Sunday, December 26, 2010


The ephemeral nature of life - what a sobering topic on the last Sunday of 2010. 

If you're wondering what the word "ephemeral" means, it's o.k..... most people don't. And most people don't live their lives in the light of what it means, either.

"Ephemeral" means transient, fleeting, temporary. Life is transient, fleeting, temporary.

This morning at church, my pastor talked about the ephemerality of life. He used a few pictures to illustrate the definition and to mirror the fragility of our lives; a dandelion seeding, a rock eroded by time and nature, a candle that had just been snuffed out - smoke still winding into the air from the wick, an hourglass.

Again, when you allow this truth to permeate into your heart and mind, it's very sobering.
Life is transient, preparing us for eternity - with or without Christ.
Life is fleeting - we can hide it, but we cannot reverse the aging process. Each minute that passes is one that we can never reclaim. It's gone.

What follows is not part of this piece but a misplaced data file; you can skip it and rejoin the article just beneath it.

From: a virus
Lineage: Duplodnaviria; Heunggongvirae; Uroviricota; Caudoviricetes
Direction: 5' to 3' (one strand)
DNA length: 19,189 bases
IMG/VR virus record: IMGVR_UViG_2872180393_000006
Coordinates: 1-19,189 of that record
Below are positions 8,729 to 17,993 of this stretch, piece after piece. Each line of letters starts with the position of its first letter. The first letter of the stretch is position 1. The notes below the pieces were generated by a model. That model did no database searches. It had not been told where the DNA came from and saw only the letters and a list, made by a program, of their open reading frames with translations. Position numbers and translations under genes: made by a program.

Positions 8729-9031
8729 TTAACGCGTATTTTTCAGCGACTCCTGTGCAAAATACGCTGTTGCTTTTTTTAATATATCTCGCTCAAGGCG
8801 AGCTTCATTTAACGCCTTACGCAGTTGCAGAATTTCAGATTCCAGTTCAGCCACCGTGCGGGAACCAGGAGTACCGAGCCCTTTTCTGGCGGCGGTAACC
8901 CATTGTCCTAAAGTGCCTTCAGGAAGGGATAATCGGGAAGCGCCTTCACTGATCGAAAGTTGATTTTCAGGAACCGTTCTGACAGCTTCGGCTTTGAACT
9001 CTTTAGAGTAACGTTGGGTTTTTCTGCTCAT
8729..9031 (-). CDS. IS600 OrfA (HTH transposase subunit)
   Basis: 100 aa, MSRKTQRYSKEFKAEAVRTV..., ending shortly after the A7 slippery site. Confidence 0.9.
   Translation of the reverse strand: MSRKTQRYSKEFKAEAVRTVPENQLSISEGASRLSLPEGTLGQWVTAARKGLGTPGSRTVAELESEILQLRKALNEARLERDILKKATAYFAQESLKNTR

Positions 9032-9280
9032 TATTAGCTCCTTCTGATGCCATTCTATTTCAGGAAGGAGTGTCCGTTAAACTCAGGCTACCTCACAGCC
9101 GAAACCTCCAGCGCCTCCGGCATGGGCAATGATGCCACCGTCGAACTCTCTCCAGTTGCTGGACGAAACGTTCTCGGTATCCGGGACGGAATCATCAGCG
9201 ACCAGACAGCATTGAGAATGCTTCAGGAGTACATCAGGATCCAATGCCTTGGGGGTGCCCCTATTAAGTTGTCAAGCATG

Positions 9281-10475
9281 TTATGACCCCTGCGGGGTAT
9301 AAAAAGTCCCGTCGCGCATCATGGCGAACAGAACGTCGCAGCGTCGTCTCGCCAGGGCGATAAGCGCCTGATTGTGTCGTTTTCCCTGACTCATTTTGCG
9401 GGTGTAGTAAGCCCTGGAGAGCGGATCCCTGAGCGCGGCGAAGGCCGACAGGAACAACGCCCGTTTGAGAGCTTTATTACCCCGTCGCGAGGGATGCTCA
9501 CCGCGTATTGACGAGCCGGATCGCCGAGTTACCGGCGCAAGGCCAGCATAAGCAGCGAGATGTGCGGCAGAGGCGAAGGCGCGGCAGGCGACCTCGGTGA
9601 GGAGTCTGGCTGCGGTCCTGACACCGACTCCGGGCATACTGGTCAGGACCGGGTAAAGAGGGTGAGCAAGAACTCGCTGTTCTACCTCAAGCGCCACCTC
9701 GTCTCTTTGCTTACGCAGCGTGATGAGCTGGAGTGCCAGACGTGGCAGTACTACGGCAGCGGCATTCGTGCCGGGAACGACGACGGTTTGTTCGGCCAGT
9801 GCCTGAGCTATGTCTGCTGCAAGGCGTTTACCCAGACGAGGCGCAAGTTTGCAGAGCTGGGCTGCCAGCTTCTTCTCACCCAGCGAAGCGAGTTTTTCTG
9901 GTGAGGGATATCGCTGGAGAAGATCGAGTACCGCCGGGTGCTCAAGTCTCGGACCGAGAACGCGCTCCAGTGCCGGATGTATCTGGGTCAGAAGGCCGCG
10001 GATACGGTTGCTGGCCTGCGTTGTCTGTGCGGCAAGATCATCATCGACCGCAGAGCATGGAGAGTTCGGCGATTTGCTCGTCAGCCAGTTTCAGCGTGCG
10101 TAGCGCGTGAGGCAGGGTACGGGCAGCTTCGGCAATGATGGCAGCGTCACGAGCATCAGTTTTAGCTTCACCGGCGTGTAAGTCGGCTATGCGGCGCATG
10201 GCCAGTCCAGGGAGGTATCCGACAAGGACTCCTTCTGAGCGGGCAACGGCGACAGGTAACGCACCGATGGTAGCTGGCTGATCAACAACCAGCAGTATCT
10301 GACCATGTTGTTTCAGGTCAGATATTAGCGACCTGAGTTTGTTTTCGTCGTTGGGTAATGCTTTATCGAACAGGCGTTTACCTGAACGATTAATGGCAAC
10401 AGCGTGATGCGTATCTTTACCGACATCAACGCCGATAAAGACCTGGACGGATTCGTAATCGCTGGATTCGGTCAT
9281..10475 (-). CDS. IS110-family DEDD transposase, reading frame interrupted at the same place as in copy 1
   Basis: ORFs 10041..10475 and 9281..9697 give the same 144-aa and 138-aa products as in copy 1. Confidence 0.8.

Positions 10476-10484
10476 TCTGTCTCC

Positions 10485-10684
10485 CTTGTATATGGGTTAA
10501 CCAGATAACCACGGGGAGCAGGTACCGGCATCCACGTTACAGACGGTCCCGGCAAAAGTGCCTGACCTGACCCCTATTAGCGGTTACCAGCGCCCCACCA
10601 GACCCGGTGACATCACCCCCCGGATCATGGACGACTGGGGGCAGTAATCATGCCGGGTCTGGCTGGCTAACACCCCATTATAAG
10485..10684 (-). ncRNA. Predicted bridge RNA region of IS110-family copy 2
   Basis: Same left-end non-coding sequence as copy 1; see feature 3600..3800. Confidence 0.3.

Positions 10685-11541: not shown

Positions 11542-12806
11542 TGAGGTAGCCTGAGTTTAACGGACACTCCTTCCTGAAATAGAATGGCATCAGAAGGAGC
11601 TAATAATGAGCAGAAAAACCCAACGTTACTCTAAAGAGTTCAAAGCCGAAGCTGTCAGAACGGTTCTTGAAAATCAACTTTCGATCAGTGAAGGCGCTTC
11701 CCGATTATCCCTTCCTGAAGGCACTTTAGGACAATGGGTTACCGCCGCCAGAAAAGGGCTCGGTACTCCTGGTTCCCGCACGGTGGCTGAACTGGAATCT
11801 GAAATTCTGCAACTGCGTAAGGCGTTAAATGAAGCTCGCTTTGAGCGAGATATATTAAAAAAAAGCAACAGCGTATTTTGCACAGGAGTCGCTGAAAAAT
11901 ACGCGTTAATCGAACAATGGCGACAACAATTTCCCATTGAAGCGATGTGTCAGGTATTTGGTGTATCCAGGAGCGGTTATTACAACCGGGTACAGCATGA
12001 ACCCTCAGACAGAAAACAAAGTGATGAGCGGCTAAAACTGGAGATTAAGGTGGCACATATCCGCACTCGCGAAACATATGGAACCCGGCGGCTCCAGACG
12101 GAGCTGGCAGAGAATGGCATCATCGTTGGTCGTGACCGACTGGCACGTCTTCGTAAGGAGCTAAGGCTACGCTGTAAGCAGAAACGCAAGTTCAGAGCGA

Life is temporary - you may be blessed with many years or you might be in a car accident and die tomorrow afternoon.

We all know that life is fragile and we mourn that when the life of someone we love is "cut short" or comes to an end, but do we really allow that to influence the choices we make every day? Life eventually goes on and we live to our own gratification until another tragedy demands us to acknowledge that life can change from one moment to the next.

None of us are guaranteed tomorrow and, although we should not live in wait or fear of death, it should motivate us to take advantage of every opportunity that we are given to fulfill the purpose of this life.

We need to stop wasting time and seize the day.


I think the poem and pictures speak for themselves....


I met a traveler from an antique land
Who said: Two vast and trunkless legs of stone
Stand in the desert. Near them, on the sand,
Half sunk, a shattered visage lies, whose frown,
And wrinkled lip, and sneer of cold command,
Tell that its sculptor well those passions read